Open letter by Pierre Dumouchel, Director General of ÉTS

The REM to be a catalyst for the development of ÉTS

May 7, 2018
In 2017, Montreal was named the world's Best University City, outranking Paris and London. The efforts deployed by Montreal universities to attract both local and foreign students benefit the city as a whole as well as its businesses, and drive R&D and the local economy.

And all this vitality in turn attracts... more students! This must continue for the benefit of the city.

Getting to Montreal can be a difficult task; and once in town, getting around by car or by bus is just as annoying.  On April 17th, Radio-Canada reported that “Time lost in traffic-jams gridlock north of Montreal has doubled over the past four years”. Within Griffintown and in the vicinity of ÉTS campus, the situation is no different.

ÉTS now has nearly 11,000 students, and that number is constantly rising. 48% of its student population lives outside Montreal and more specifically, 21% in the Laval, Laurentians and Lanaudière regions, and 20% in the Montérégie area. A new, efficient, fully automated and electrically powered transport system will be an excellent solution to connect Griffintown to the South and North Shore and to the rest of the public transit network. The Réseau express métropolitain (REM), will be an essential catalyst for the neighbourhood and ÉTS to maintain their growth and development.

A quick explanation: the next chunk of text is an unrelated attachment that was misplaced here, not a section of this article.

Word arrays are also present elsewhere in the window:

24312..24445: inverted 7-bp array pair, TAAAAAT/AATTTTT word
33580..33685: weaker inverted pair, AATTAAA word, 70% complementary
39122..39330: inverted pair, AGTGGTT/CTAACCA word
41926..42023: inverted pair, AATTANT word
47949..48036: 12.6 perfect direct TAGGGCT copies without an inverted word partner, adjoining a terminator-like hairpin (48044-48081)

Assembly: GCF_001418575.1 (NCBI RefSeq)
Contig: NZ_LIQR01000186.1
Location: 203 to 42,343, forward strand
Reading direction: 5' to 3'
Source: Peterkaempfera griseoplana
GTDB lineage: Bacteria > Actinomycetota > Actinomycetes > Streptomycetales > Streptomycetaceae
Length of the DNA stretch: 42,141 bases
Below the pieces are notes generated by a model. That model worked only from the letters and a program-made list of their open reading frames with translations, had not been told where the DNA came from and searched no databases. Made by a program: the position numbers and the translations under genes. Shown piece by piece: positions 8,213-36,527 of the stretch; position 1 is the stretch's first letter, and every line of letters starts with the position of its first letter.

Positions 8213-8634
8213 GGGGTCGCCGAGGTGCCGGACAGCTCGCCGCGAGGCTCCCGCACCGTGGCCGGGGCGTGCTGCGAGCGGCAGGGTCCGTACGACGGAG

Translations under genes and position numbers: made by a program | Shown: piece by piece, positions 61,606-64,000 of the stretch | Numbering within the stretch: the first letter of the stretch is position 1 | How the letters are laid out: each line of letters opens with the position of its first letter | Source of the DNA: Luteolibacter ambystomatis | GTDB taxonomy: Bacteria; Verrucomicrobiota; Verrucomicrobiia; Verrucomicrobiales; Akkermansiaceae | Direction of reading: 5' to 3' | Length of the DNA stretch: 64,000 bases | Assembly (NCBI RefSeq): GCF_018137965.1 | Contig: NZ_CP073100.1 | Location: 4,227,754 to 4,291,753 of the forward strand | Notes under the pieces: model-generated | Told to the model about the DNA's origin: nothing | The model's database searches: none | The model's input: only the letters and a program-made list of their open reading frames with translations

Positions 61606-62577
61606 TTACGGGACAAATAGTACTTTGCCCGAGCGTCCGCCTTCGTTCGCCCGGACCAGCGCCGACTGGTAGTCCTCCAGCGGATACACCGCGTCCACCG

As is the case with several other institutions, ÉTS provides many evening and weekend courses, periods when transit service is significantly pared down in municipalities on the outskirts of Montreal. Continuous REM service seven days a week and until late in the evening will enable more students to get to ÉTS at any time and without having to resort to using a car.

Finally, another important consideration—particularly for an engineering school—is that thousands of direct and indirect jobs will be generated during the REM's three-year construction phase.

Young engineers and engineering students will have the opportunity to contribute to the construction of the REM, just as similarly, dozens of ÉTS co-op students and graduates are currently involved in the construction of the new Champlain Bridge.

It is not every day that future engineers are given such an opportunity to acquire skills through a hands-on experience in the field by contributing to a large-scale, innovative project that brings together a wide variety of engineers: mechanical, construction, electrical, software, automation, logistics, and so on.

These young engineers, whether trained at ÉTS or elsewhere, will acquire invaluable skills. Local firms and businesses that subsequently hire them will thus find new employees with significant practical experience.

For all these reasons, we believe the REM will not only improve access to the ÉTS campus but also serve as a major catalyst for its development as well as that of Montreal and Québec.

Pierre Dumouchel
Director General, ÉTS

NouvellesFil RSS